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Eschewing the Fat

By Terry Joseph
April 09, 2004

Good Friday is a most appropriate time to pray Health Minister John Rahael carefully weighs indigenous considerations before burdening us carte blanche with conventions adopted by the global coalition against obesity, the largely self-inflicted condition and most preventable cause of death.

Speaking at last Friday's Brian Lara Promenade launch of Health Promotion Month, Minister Rahael, described obesity as "a global epidemic increasing at near exponential rate", saying the four-week observance will focus on increasing awareness of the dangers of excess body fat and ills of sedentary living.

Indeed, the World Health Organisation (WHO) estimates obesity increased by 50 per cent over the past seven years, listing 15 million people in developing countries as suffering from related problems, incubators of potentially fatal conditions, including hypertension, diabetes, cardio-vascular diseases and various cancers.

Of course, the dismissive Trini response is that it must be better to die with a full belly than starve all the way to the hereafter, which gets full marks for astuteness, since no one knows the precise travails, length of the journey, method of transportation or, more importantly, if refreshment centres punctuate what might well be an arduous route.

It is a curious but enshrined local attitude and one that ensures every stage of our existence is marked by sumptuous servings. Saturday soup and Sunday food have long been established as lifelong bi-weekly banquets. Special and often ostentatious efforts are mounted for public holidays and festivals.

This all-you-can-eat bargain philosophy operates from cradle to casket. At baby's christening or comparable ceremony there is food and drink aplenty, an eating ritual repeated each birthday and for coming-of-age, school graduation, family gatherings, anniversaries, weddings, divorce, career shifts, housewarmings and retirement.

We have even developed a victuals vernacular, from formidable "cutters" to three-course "jhorts", with sub-titles along the "nyam" continuum including "blue-food", "sancoche", the river-lime carte du jour, bake and shark, roti, doubles, pies of all description, the Amerindian legacy of "pong" plantain and callaloo and other delights of our diverse culinary heritage; which almost invariably deliver rich and greasy food.

Women who grow portly are flatteringly described as "pleasingly plump" and soca singers annually pay homage to the rolling bum-bum. Men are said to have a "good li'l size" when their stomachs distend and fat babies are lovingly described as "roly-poly", left to grow up in a land where the concept of finger-food is often at least a handful.

I suspect nowhere else in the world are there icons of gluttony, professionals who "demolished" huge meals before incredulous audiences, like the legendary "Ocean" from San Juan who, after arriving late to perform such a demonstration, astonished the gathering by explaining that he was delayed rehearsing at home on "carter-man sponges" and a couple of "chest-provokers", particularly heavy cakes, either of which could singularly sink a battleship.

Then there were specialists, those who boasted adult ability at eating two or more oversized Mangal's roti, no doubt a consequence of the schoolboy practice of posting to still tender stomachs, two "covetti pocham" and a couple of biscuit cakes, purchased for a penny apiece each weekday morning from Stauble's Frederick Street Patisserie, this indulgence coming mere minutes after having breakfast at home.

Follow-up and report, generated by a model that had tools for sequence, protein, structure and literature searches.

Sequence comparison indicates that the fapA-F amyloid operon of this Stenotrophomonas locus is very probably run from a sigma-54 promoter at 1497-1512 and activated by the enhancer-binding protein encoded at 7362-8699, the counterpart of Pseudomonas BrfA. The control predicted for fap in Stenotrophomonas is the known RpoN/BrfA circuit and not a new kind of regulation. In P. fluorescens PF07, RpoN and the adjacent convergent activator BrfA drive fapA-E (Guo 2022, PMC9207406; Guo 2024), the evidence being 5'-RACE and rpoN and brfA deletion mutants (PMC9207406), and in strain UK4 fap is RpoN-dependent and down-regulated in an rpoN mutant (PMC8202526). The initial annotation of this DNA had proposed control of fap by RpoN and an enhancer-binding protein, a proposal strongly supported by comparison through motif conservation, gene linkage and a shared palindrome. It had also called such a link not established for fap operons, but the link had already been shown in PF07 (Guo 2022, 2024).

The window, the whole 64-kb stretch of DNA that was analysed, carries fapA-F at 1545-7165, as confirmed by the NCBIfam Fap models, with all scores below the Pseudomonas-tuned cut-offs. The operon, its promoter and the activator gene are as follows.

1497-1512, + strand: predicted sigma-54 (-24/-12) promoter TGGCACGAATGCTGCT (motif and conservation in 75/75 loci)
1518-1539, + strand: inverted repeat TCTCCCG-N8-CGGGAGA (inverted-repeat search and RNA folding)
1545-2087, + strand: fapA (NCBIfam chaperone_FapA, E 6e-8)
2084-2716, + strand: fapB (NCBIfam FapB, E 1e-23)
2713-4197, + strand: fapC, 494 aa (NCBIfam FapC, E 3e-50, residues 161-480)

Most of these already hefty meals were "washed down" with jorums of ultra-sweet beverages, notably indigenous preparations of robust viscosity like snowball, or punches made from peanut butter, barbadine, soursop and seamoss. Desserts offered a whole new range of lactose-excessive or sugar-filled fundamentals, crowned by icing or other ill-advised toppings of super saccharine content.

In fact, it seems we never created a meal that would help shed weight and in recent time, the popularity of fast-food snack-packs and combos, a Godsend for working women, only exacerbated the obesity problem. Check the long lines at stands operated by nocturnal vendors, men literally living off the fat of the land, for clear indication of how many people confront-on a nightly basis-the outlawed practice of eating far too near bedtime. Apart from gym-junkies, everyone seems to be riding the dining car of the food train, railroading us into believing every next good meal represents another rung of privilege. Some even justify it. When formerly skinny ragga-soca artiste Maga Dan put on weight, he simply changed his name to Maximus Dan.

Still, everyone offers you something to eat. Even in Minister Rahael's talk at the launch, he evidently couldn't avoid repeating the phrase: "feeding information to the public". He had to give them something to chew on, lest they retired to the nearest leisure facility, take drinks and just chew the fat.

Minister Rahael must therefore understand the extent of the challenge he so assuredly recites. We are not a people beholden to Atkins and South Beach diets, hung up on tofu, soya, sushi or colon-cleansers. We are a culture in which "good food" is measured more by quantity, temperature, odour and taste than nutritive value.

The goodly Minister must consequently plan his assault on obesity within these paradigms or he too-in the tradition of his office, some say-will go down as doing nothing more than chewing the fat.

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